Pearls from Dr. Anjali Ganda

Metformin-associated lactic acidosis in a diabetic patient with shock


  • NSAID-related renal dysfunction: AIN, ATN, papillary necrosis, nephrotic syndrome (minimal change disease and membranous nephropathy)

    Posted 05/29/16 03:25:44 PM by Matthew Cummings

  • CKD vs AKI? 

    Posted 05/29/16 03:26:18 PM by Matthew Cummings

  • AMS and ↑osmolar gap (measured – calculated osms)? Think ME DIE: Methandol, Ethylene glycol, Diuretics (mannitol), Isopropyl alcohol, Ethanol (and ketones)

    Posted 05/29/16 03:26:54 PM by Matthew Cummings

  • Metformin often one among many potential causes of lactic acidosis, but is more likely in patients with: Hx of taking metformin, lactate>15, AG>20, severe metabolic acidosis (pH<7.10, HCO3<10), renal insufficiency (Cr>2), and more common in patients with underlying CHF, cirrhosis, CKD

    Posted 05/29/16 03:27:31 PM by Matthew Cummings

  • For further reading...

    Clinical management of suspected toxic alcohol ingestion
    Metformin-associated lactic acidosis: retrospective case-series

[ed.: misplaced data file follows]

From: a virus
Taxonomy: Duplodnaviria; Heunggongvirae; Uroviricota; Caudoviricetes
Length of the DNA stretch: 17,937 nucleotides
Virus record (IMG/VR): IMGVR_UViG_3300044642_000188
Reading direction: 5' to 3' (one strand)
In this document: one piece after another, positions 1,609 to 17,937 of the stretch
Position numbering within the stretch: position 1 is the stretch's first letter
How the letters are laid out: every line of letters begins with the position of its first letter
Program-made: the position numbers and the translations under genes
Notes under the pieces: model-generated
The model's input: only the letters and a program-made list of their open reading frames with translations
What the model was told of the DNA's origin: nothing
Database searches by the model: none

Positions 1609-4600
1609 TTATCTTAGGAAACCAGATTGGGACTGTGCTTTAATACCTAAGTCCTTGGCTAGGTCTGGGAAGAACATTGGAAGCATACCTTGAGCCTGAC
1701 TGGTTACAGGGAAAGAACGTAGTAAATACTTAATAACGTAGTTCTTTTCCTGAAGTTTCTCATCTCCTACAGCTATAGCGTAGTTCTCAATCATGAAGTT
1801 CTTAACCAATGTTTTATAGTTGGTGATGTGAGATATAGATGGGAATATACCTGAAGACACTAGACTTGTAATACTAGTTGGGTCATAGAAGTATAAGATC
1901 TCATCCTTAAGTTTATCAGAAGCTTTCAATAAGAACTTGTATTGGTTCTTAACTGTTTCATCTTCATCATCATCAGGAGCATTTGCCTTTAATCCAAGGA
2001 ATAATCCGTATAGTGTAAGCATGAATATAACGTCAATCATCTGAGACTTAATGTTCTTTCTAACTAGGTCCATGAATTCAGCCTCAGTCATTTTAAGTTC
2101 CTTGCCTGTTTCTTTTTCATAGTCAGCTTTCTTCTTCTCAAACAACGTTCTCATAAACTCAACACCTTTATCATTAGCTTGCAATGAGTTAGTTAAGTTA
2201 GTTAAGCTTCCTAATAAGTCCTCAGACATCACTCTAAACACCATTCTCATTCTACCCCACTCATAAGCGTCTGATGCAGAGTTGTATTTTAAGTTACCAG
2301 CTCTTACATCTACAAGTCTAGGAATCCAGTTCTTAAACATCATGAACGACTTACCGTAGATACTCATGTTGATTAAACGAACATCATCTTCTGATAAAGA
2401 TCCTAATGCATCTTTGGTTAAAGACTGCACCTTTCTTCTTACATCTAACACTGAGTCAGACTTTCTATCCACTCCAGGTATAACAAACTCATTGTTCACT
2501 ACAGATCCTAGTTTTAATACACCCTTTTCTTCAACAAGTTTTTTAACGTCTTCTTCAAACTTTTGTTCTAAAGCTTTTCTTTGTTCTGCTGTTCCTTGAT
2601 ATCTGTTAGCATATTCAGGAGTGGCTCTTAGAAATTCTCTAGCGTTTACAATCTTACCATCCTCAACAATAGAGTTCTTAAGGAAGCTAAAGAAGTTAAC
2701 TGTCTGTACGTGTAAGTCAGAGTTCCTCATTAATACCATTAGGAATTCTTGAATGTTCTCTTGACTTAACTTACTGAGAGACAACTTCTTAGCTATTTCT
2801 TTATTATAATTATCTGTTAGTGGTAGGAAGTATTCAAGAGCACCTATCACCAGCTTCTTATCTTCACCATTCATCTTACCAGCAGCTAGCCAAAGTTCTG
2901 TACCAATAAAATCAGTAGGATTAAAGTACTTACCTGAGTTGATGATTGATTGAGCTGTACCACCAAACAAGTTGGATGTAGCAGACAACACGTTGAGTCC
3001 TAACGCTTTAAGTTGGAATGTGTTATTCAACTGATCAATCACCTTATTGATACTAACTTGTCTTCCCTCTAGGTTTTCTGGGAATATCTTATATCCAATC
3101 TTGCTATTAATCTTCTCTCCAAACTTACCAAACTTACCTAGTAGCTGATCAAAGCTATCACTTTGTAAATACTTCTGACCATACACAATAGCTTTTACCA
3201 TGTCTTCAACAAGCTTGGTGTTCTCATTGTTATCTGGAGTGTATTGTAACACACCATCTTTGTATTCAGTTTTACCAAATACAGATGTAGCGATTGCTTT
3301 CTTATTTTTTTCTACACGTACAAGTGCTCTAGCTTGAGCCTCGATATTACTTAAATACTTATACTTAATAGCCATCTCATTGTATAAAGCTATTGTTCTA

Posted 05/29/16 03:31:19 PM by Matthew Cummings

  • 57 y/o with ARF, glomerulonephritis, presumed IgA nephropathy


  • NSAIDs Inhibit prostaglandin release (prostaglandins dilate the Afferent arteriole). Can cause:
    1.  AIN
    2. ATN (especially with volume depletion)
    3. Papillary Necrosis
    4. Membranous/Minimal Change

    Posted 10/06/16 10:56:13 AM by Adam Faye

  • Nephritic: Injury/Inflammation of glomeruli which allows proteins, erythrocytes and leukocytes to pass through. Typical triad:
    1.  Hypertension (abnormal bp regulation)
    2.  Azotemia
    3.  Red Cell Casts

    Posted 10/06/16 10:59:22 AM by Adam Faye

  • Glomerulonephritis Low Complement:
    If normal complement GN
    1. Systemic - HSP, ANCA, Goodpasture's, vasculitis
    2. Renal only- Post-infectious GN, MPGN

    Posted 10/06/16 11:05:44 AM by Adam Faye

  • Acidosis in Renal Failure:

    Posted 10/06/16 11:06:43 AM by Adam Faye

  • ESRD:

    Posted 10/06/16 11:27:32 AM by Adam Faye

  • 70yo F w/ volume overload and AKI c/f cardiorenal syndrome


  • To help determine if someone has CKD vs. AKI look at comorbidities, prior history of anemia and Phos/Ca for signs of renal osteodystrophy

    Posted 05/18/17 12:48:32 PM by Emily Miller

  • When looking at a Renal Ultrasound: Small, shrunken kidneys are often seen in CKD.  In CKD can find large kidneys with amyloid, DM, PCKD and HIVAN.  Can see large kidneys acutely with AIN.

    Posted 05/18/17 12:49:48 PM by Emily Miller

  • For patients with decompensated heart failure w/ RV dysfunction and possible cardiorenal syndrome, be cautious with Lasix dose as these patients tend to be very preload dependent. Too much lasix can lead to a dangerous drop in blood pressure.  

    Posted 05/18/17 12:50:52 PM by Emily Miller

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